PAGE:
Do note that after you have selected the measures that are most applicable to your practice, you might discover that some measures work better with the Registry submission method while other measures earn you a higher score with the EHR Submission method.
CMS has developed a secure Internet-based application for MIPS data submission available for pre-registered groups of 25 or more clinicians. CMS provides more information and a step-by-step guide:
Qualified Clinical Data Registry (QCDR) is a specialty specific registry developed by various specialty organizations to allow groups and individuals to populate their database with specific quality measures applicable to that specialty. All patients, regardless of coverage, are reported to the QCDR. For specialties that include both technical and professional components, both are reported to the QCDR. QCDRs are distinct from qualified registries and are CMS-approved entities that collect medical and/or clinical data for the purpose of improving the quality of care. QCDRs can submit quality measures, IA and ACI to CMS on behalf of its participants.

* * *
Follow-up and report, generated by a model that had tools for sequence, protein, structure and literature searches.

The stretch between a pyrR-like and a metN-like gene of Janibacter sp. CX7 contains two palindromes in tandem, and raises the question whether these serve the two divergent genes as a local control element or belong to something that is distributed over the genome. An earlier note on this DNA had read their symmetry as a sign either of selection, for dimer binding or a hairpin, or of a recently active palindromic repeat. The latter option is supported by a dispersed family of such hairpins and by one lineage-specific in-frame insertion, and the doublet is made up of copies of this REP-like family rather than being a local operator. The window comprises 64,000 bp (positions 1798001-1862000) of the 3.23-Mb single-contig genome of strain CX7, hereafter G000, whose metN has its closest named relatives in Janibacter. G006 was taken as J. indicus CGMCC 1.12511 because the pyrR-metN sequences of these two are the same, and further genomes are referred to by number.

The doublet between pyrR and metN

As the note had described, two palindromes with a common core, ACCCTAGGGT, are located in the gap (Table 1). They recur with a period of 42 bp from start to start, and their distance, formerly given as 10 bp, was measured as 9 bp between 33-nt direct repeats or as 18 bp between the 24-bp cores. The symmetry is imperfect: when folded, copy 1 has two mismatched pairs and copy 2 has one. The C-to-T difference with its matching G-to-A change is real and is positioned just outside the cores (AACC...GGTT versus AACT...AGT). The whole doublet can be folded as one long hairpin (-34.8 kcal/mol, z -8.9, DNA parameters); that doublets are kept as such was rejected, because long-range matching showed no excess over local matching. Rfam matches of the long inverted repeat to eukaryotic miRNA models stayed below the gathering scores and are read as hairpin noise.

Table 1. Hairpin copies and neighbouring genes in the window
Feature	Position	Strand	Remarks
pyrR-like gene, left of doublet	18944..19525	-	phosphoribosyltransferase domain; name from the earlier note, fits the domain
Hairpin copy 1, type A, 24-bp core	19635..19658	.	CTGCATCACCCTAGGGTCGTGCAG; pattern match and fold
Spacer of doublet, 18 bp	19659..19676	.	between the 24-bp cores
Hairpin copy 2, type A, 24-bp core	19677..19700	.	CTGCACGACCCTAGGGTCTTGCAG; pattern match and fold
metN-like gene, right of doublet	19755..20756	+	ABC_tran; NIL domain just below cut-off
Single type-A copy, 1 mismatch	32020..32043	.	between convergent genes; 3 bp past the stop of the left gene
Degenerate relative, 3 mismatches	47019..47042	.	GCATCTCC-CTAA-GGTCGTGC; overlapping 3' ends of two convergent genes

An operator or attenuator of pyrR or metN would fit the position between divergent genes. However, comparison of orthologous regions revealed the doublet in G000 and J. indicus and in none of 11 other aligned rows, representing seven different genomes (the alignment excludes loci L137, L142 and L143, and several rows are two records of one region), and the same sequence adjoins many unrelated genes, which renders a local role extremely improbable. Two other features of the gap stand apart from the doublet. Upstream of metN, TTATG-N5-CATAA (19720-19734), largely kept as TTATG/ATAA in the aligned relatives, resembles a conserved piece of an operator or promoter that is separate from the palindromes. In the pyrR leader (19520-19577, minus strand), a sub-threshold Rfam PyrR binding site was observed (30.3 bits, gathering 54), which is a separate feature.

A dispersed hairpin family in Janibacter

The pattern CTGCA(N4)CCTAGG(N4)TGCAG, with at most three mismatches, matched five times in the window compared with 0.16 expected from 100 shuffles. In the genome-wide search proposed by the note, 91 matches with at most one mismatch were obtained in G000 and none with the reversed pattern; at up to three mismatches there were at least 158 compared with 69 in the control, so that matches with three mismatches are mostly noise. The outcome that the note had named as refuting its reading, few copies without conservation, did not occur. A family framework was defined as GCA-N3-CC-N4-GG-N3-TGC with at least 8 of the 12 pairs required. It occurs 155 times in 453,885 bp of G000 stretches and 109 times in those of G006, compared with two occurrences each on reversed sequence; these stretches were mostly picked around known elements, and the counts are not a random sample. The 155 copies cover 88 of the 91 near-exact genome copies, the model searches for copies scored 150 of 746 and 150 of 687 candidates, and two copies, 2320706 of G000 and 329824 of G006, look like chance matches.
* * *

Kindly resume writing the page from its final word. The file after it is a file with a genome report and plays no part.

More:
Review the list to see if you are affiliated with a QCDR. Check the quality measures supported by each individual QCDR to see if they align with the measures you or your practice intend to focus on. https://qpp.cms.gov/docs/QPP_2017_CMS_Approved_QCDRs.pdf
A qualified registry is a CMS-certified entity that submits Quality Payment Program (QPP) data to CMS as a batch end-of-year submission on behalf of eligible clinicians. While some EHRs and registries may overlap functionally, registries typically include more robust performance analytics than EHRs as they are designed specifically for interpreting MIPS measure data. Some registries are also supplemented by educational resources and support teams that can help you figure out how best to navigate confusing submission rules, and how to use the data you already have to maximize your quality improvement and MIPS payment adjustment.
Many HIT Vendors have submitted and been approved for this status. Review the list to see if you’re affiliated with a vendor that is an approved entity and can submit on your behalf or to explore potential partners that may also assist in advice and analytics around MIPS.
This resource provides guidance on the different MIPS reporting mechanisms available: